Illinois State athletes protest against racial injustice after their athletic director stated ‘All Redbirds Lives Matter’


Madelyn Kidd, Editor-in-Chief

On Aug. 26 Illinois State University, ISU, Redbirds Athletic Director Larry Lyons stated, “All Redbirds Lives Matter,” in an athletic department Zoom call. This led to 16 of 17 athletic teams, minus the baseball team, to boycott participation in any athletic activities. The ISU athletes in continuance of the boycott, organized a peaceful protest in Normal, Ill. at 6 p.m. Sept. 4. 

In response to Lyons statement along with boycotting, coaches, athletes and alumni athletes reacted on Twitter. Mary Wood, associate head coach for ISU track and field, tweeted, “The movement is BLACK LIVES MATTER. The statement ‘All Redbird Lives Matters’ is insensitive and frankly one that attempts to drown the movement.” 

Men’s track athlete Kimathi Johnson tweeted, “As athletes, we demand change, we demand safety and we demand a commitment to ensuring black lives matter at ISU. There are still many more voices to be heard from our fellow athletes. However, we must know the administration is committed to change first.”

Denver Broncos cornerback Davontee Harris, an ISU alumni who was a three-year starter and All American whilst there, tweeted in response to the news. “WAIT WHAT? They gone make me disassociate myself with Illinois state as a whole.”

The next day there was another athletic department Zoom call in which Lyons apologized for what he said the previous day. He released a statement before the video call, “Black Lives Matter. I understand that and I support that. They need to hear that from me. I need to apologize to them. It was a comment that was offensive to our student-athletes. I have to own that, and I do regret the comment.” 

 Harris replied to Lyons statement on Twitter. He tweeted, “He was fully aware of what he was doing… We can’t keep allowing people to pretend like they don’t know any better…”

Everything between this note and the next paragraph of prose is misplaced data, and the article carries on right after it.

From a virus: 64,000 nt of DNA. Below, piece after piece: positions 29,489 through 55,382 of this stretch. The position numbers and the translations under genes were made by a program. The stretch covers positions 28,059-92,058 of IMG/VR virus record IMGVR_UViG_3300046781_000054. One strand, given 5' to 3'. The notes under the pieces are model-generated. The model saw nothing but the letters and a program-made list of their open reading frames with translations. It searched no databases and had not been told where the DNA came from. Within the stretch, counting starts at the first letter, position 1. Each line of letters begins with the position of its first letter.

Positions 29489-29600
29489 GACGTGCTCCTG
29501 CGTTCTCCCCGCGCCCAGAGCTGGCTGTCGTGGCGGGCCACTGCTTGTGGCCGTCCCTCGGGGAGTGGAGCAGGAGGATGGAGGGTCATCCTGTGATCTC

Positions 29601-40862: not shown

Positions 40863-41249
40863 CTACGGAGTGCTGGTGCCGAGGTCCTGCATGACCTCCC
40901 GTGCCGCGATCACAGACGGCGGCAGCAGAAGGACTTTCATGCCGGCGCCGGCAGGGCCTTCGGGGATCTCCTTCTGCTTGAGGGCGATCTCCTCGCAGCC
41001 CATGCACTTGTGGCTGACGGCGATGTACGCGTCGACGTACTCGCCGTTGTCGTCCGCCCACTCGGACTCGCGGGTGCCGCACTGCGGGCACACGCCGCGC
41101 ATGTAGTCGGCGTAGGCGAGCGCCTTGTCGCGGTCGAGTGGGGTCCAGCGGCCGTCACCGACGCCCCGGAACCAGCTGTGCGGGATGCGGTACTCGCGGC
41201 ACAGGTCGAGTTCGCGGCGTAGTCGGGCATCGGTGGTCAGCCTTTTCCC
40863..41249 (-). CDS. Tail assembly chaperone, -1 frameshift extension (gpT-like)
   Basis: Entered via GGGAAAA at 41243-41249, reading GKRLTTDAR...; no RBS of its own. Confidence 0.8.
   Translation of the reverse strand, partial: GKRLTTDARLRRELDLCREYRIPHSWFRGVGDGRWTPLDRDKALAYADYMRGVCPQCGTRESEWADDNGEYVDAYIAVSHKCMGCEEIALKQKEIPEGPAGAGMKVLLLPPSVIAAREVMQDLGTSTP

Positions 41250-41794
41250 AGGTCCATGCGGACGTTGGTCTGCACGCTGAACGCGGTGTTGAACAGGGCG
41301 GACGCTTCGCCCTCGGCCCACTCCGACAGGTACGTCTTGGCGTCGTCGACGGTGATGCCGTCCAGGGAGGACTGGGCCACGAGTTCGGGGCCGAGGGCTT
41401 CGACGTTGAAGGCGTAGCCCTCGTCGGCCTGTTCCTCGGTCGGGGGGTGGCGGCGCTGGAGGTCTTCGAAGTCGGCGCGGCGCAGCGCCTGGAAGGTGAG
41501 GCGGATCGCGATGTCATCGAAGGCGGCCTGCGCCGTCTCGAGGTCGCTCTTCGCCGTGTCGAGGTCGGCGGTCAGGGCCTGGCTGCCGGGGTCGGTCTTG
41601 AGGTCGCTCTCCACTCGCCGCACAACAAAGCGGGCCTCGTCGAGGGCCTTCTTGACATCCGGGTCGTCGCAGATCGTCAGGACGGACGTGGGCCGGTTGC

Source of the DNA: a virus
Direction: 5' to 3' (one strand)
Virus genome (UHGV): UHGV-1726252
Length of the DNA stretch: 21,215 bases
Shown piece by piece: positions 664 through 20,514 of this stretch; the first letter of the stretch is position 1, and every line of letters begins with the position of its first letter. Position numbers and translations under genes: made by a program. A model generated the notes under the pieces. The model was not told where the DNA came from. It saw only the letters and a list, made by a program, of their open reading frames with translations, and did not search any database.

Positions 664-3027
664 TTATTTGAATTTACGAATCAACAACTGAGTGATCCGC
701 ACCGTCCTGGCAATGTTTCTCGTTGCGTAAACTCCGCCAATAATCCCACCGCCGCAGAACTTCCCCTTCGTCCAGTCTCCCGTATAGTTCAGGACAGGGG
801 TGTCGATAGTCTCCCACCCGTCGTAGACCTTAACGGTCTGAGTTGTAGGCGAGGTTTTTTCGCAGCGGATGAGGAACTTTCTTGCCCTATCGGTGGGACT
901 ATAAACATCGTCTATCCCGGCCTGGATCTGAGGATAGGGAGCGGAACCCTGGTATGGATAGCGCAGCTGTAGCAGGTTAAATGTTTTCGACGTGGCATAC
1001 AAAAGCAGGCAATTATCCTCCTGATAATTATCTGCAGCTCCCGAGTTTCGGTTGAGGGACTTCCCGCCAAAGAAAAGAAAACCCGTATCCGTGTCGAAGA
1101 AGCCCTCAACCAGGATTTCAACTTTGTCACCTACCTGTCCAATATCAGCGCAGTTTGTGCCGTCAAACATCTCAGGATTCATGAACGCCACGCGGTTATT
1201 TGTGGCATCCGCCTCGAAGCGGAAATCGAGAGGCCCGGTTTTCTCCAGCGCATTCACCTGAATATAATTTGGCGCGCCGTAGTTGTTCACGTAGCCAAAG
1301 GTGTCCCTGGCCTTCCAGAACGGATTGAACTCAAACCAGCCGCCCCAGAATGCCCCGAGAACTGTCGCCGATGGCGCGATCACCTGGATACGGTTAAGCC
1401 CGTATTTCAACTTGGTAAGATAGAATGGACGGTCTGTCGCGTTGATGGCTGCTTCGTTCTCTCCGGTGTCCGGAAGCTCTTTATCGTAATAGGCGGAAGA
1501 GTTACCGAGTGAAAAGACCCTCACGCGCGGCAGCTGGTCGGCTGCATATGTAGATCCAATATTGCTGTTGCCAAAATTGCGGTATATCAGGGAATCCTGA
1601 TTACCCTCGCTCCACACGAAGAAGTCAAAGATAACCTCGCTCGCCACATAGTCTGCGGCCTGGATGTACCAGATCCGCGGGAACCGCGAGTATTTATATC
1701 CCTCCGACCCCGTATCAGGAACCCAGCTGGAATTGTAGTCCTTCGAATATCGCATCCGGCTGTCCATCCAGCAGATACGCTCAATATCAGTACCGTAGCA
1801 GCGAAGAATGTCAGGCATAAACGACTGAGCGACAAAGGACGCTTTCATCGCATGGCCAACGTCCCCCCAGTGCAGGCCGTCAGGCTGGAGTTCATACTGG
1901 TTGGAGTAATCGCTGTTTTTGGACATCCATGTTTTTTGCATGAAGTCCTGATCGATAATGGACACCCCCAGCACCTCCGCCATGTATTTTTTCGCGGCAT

The ISU athletic department also released an action plan for social change. However, there are mixed responses to the plan from students. Women’s track athlete Mya Robinson reported to the campus radio station, WGLT, “It’s more than just having diversity on campus, it’s the fact that we go through so much and you would never know until you ask, but they never ask. That’s one of the main problems. They really don’t know the Black student-athletes on campus.” She further called for Lyons to resign from being the athletic director. 

Whereas, volleyball athlete and vice president of ISU’s Student-Athlete Advisory Committee Kendee Hilliard told WGLT, “I feel as though Mr. Lyons owned up to his insensitive comment. To me, he was apologetic and has committed to taking steps forward to making this athletics department better and one that alumni, current Redbirds and future Redbirds should be proud of.”

Student athletes from University of Illinois also led a peaceful protest in Champaign, Ill. on Aug. 31 against racial injustice in society. They led the march of hundreds of people to the Champaign Police Department where they had a moment of silence to remember the victims of police brutality.

Even though the media is covering peaceful protests less and less, they are still occurring all across America to give a voice to those who are now voiceless, and now many college athletes are starting to help lead these protests.

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